Do you recall the wonderful comedy film Sideways?
It is basically a red wine oriented road trip in the California wine country where the two principal characters taste copious amounts of red wine while trying to manage some dramas in their own lives.
It is a genuinely funny film that has positively impacted many people with its dark humor and touching moments of people dealing with the full gamut of human emotions, including red wine tasting.
From a wine lover’s perspective, the great thing about Sideways is how it has inspired lots of people to become connoisseurs of fine red wine, especially Pinot Noir (a dry red wine). So much so in fact that sales of red wine (and pinot noir in particular grew significantly during and after its release.
Red wine derives its color from the grape skins used in making the wine.
There are many different grape types, all with their own unique shade of red which obviously influences the final red wine color, as well as how long the grape skins were left in with the juice before being removed.
Different Types of Red Wine
While there are numerous different types of red wine they are normally judged by their so called “body”. As an example, a light bodied red wine is one that is not too demanding on the mouth and taste buds and so it tends to go well with food that is flavor intensive. A good example of this kind of light wine is the French red wine Beaujolais Nouveau.
Next, there are the medium bodied red wines which are slightly heavier wine styles (such as Shiraz and Merlot) and finally heavy and powerful full bodied wines like French Bordeaux wines. Thee latter full bodied wines are denser and have higher alcohol content than the lighter styles.
Regardless of the red wine you prefer, there have been medically supervised studies which have resulted in scientists extolling the health benefits of wine.
How To Serve Red Wine
This type of glass allows the wine to breathe and swirl better as it is being consumed.
The ideal temperature to serve red wine is 60 to 65 degrees Fahrenheit (or 15 to 18 degrees Celsius). If you serve red wine too warm the alcohol can be overly emphasized and if too cold it will taste bitter.
Different Varieties of Red Wine
The best variety of red wine is the one which tastes the best to you. Within the different red wine types mentioned above are there are subtle variations from different wine growing areas around the world.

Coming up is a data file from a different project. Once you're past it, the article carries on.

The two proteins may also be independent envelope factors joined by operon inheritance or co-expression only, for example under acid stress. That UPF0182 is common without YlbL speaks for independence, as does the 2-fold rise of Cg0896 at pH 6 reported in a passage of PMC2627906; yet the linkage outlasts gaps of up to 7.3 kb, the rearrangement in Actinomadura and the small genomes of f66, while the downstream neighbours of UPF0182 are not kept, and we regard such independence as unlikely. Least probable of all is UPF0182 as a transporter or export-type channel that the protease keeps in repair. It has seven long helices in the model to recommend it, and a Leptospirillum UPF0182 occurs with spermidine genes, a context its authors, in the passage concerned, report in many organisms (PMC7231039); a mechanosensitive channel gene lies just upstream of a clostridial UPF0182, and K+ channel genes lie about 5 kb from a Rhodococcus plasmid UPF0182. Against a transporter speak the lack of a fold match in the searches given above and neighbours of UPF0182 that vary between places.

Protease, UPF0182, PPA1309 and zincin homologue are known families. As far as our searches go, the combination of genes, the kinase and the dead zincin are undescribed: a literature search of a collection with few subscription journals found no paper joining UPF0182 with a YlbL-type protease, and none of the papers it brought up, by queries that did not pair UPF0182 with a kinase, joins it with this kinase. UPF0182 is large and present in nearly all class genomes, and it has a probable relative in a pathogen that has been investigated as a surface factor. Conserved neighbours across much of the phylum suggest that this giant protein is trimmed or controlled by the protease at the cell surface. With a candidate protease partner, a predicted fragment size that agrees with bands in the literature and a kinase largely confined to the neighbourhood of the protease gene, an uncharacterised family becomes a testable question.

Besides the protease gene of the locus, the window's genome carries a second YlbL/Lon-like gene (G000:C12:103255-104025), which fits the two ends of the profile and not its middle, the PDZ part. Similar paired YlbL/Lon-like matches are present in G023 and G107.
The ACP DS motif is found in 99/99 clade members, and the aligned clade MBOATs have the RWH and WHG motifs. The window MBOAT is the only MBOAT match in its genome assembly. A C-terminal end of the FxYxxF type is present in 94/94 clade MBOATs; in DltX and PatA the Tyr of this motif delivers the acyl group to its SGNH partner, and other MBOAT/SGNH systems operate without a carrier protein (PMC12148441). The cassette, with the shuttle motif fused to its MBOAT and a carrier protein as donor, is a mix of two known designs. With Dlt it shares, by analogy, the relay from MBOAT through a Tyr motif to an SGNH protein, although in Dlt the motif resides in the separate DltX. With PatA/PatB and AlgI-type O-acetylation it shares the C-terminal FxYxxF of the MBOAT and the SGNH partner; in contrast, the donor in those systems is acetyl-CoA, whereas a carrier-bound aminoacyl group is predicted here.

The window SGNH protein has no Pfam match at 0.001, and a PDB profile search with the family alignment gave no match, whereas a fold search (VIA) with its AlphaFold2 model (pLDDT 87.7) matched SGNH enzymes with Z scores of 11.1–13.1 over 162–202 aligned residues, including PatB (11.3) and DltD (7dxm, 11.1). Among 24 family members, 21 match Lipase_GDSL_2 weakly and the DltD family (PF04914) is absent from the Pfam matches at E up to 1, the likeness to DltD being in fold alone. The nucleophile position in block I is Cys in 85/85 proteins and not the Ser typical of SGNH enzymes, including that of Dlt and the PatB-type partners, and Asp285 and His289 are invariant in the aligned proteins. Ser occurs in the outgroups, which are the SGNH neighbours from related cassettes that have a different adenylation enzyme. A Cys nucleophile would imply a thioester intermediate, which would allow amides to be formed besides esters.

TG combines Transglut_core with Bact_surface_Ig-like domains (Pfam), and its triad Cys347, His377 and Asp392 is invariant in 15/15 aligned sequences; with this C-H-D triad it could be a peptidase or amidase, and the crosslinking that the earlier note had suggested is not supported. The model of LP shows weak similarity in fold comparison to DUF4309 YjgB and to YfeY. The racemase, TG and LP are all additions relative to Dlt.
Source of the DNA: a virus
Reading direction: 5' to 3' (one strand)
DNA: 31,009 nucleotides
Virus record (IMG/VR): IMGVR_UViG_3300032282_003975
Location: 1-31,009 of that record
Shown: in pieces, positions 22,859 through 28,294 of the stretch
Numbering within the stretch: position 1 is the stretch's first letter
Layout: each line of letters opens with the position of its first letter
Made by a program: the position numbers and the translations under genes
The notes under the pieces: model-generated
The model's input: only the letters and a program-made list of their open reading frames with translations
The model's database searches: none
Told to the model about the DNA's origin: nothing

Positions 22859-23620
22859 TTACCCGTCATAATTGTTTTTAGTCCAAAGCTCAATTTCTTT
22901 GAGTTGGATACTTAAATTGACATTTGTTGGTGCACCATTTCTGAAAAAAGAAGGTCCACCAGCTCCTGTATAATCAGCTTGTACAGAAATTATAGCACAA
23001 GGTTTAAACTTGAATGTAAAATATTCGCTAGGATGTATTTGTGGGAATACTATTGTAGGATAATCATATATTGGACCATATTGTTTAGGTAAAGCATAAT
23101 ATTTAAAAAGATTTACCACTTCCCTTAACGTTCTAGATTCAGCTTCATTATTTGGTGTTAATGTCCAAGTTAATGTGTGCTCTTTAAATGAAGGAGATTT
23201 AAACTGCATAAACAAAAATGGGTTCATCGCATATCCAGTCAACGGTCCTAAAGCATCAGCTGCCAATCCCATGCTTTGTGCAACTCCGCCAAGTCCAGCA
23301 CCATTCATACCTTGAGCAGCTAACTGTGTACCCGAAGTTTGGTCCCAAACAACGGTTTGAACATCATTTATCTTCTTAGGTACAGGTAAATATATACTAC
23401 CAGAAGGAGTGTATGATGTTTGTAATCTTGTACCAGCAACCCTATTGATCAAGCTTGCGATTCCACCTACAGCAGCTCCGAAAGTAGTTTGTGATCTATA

Here is a quick summary of some of the most popular red wine varieties:
Cabernet Sauvignon is traditionally associated with the French region of Bordeaux but is now grown all over the world. It is typified by a taste reminiscent of black currants as it comes from small grapes with thick skins.
Merlot also is historically associated with the Bordeaux region of France but it has not been adapted worldwide like Cabernet Sauvignon as it requires more specific soil conditions. It is a rich, juicy wine with taste resembling fruit cake and black currant.
Pinot Noir originated in the French Burgundy region wineries and it is only recently that it has been produced successfully in other countries. The red wine produced by the pinot noir grape is initially akin to summer fruits but then after five to ten years of maturing, this taste changes dramatically to become much richer.
Shiraz or Syrah
Syrah is traditionally grown in the Rhone Valley but has become popular right across the world. It is very popular with people who prefer red wine with a fruity flavor which sometimes can be a little peppery.
Sangiovese is the most widely planted red grape in Italy and is famous for producing Chianti. It is not a particularly fruity wine but it goes well with all types of food, with a subtle taste of black cherries.
Nebbiolo is another of Northern Italy’s classic grapes and produces some of Italy’s finest wines from Barolo. The taste is similar to black cherries and occasionally chocolate, making it a rich flavorsome wine.
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